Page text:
2009-06-17

VBscript: progress bar function

I am from time to time writing small VBscripts that doe some kind of repeating task and wanted to make some nice progress bar to show the progress. I came up with this function:
' Copyright (c) 2009 Rune Nordbøe Skillingstad 
'
' This program is free software; you can redistribute it and/or modify
' it under the terms of the GNU General Public License as published by
' the Free Software Foundation; version 2 dated June, 1991.
'
' This program is distributed in the hope that it will be useful, but
' WITHOUT ANY WARRANTY; without even the implied warranty of
' MERCHANTABILITY or FITNESS FOR A PARTICULAR PURPOSE. See the GNU
' General Public License for more details.
'
' You should have received a copy of the GNU General Public License
' along with this program; if not, write to the Free Software
' Foundation, Inc., 59 Temple Place - Suite 330, Boston, MA 02111-1307,
' USA.


Option Explicit

On Error Resume Next

Dim
i

For i = 1 To 1000
Progress 1000, i
Next

Function Progress(max,prog)
Dim length, t, x
length = 68
t = int(length * (prog/max))
WScript.StdOut.Write vbCr & "|"
For x = 0 To t
WScript.StdOut.Write "-"
Next
If
t < length Then
For
x = (t + 1) To length
WScript.StdOut.Write " "
Next
End If

WScript.StdOut.Write "| " & FormatPercent(prog/max)
If t = length Then
Wscript.StdOut.WriteLine
End If
End Function


The code includes a "sample" for 1000 iterations:

video

If you are running a high number of iterations, you might want to reduce the frequency of the redrawing of the progress bar, as it will consume unwanted CPU cycles. A quick way of doing this, is to use a a modulo on the iterator counter. This example will only redraw the progress for each 10th iteration (1000/100 = 10)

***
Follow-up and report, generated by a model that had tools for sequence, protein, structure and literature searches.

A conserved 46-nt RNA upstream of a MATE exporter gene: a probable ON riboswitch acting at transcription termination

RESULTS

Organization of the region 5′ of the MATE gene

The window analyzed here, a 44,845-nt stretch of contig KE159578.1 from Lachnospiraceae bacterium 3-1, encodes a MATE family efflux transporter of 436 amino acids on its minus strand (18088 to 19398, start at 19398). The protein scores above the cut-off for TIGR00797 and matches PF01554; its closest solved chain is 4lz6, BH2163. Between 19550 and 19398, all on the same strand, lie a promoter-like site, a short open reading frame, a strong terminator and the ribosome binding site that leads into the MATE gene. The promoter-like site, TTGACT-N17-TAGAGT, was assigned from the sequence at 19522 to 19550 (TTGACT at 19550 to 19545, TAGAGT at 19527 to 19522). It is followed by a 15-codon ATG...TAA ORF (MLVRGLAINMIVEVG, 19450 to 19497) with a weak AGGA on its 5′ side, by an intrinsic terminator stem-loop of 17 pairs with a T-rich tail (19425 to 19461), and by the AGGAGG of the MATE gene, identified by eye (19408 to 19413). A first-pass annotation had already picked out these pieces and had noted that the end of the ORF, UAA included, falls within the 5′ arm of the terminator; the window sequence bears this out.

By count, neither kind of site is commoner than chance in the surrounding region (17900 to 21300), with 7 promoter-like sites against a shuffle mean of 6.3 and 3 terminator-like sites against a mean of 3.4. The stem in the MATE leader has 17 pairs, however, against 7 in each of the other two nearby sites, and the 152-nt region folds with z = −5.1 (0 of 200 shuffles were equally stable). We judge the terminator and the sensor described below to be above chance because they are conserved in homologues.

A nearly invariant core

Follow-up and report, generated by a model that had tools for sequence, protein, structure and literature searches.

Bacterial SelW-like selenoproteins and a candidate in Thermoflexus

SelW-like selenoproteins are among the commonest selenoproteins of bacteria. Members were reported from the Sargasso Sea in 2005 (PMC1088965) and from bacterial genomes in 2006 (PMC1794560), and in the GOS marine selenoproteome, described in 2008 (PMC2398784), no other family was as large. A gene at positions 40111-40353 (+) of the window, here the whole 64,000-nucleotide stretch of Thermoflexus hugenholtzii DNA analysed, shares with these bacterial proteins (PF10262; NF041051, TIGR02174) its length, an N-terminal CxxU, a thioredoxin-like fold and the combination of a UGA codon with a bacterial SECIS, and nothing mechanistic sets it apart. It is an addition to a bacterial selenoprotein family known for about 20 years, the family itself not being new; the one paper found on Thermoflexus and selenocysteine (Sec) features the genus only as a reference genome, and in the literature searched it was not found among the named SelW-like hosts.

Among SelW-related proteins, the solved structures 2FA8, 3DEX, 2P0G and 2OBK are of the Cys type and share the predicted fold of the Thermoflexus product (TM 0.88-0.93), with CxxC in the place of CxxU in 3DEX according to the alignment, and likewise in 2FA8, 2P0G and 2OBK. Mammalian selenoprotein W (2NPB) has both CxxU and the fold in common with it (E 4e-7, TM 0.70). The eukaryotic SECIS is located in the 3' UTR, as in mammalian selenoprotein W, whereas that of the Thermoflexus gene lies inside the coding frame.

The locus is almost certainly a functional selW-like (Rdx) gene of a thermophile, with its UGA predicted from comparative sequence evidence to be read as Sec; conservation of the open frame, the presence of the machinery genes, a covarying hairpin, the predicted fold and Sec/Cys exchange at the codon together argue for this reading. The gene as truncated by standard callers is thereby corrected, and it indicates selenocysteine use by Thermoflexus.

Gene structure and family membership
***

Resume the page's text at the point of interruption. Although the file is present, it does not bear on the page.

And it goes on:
max = 1000
modulo = int(max / 100)
For
i = 1 To max
If (i Mod modulo) = 0 Then
Progress max, i
End If
Next

2009-06-02

Respawn a process

I have one program that is somewhat unstable and dies from time to time (not a service).

To make sure that the program is running most of the time, I made a small VBScript using WMI to check if the process is running, and if not, respawn it.

Here is my code:
' Respawns a process if it is not running
' Can be used in scheduled tasks.
'
' Known issuses: If the program is a GUI application, the user running the
' scheduled task should be logged in.
'
' Copyright (c) 2009 Rune Nordbøe Skillingstad <rune.skillingstad@ntnu.no>
'
' This program is free software; you can redistribute it and/or modify
' it under the terms of the GNU General Public License as published by
' the Free Software Foundation; version 2 dated June, 1991.
'
' This program is distributed in the hope that it will be useful, but
' WITHOUT ANY WARRANTY; without even the implied warranty of
' MERCHANTABILITY or FITNESS FOR A PARTICULAR PURPOSE. See the GNU
' General Public License for more details.
'
' You should have received a copy of the GNU General Public License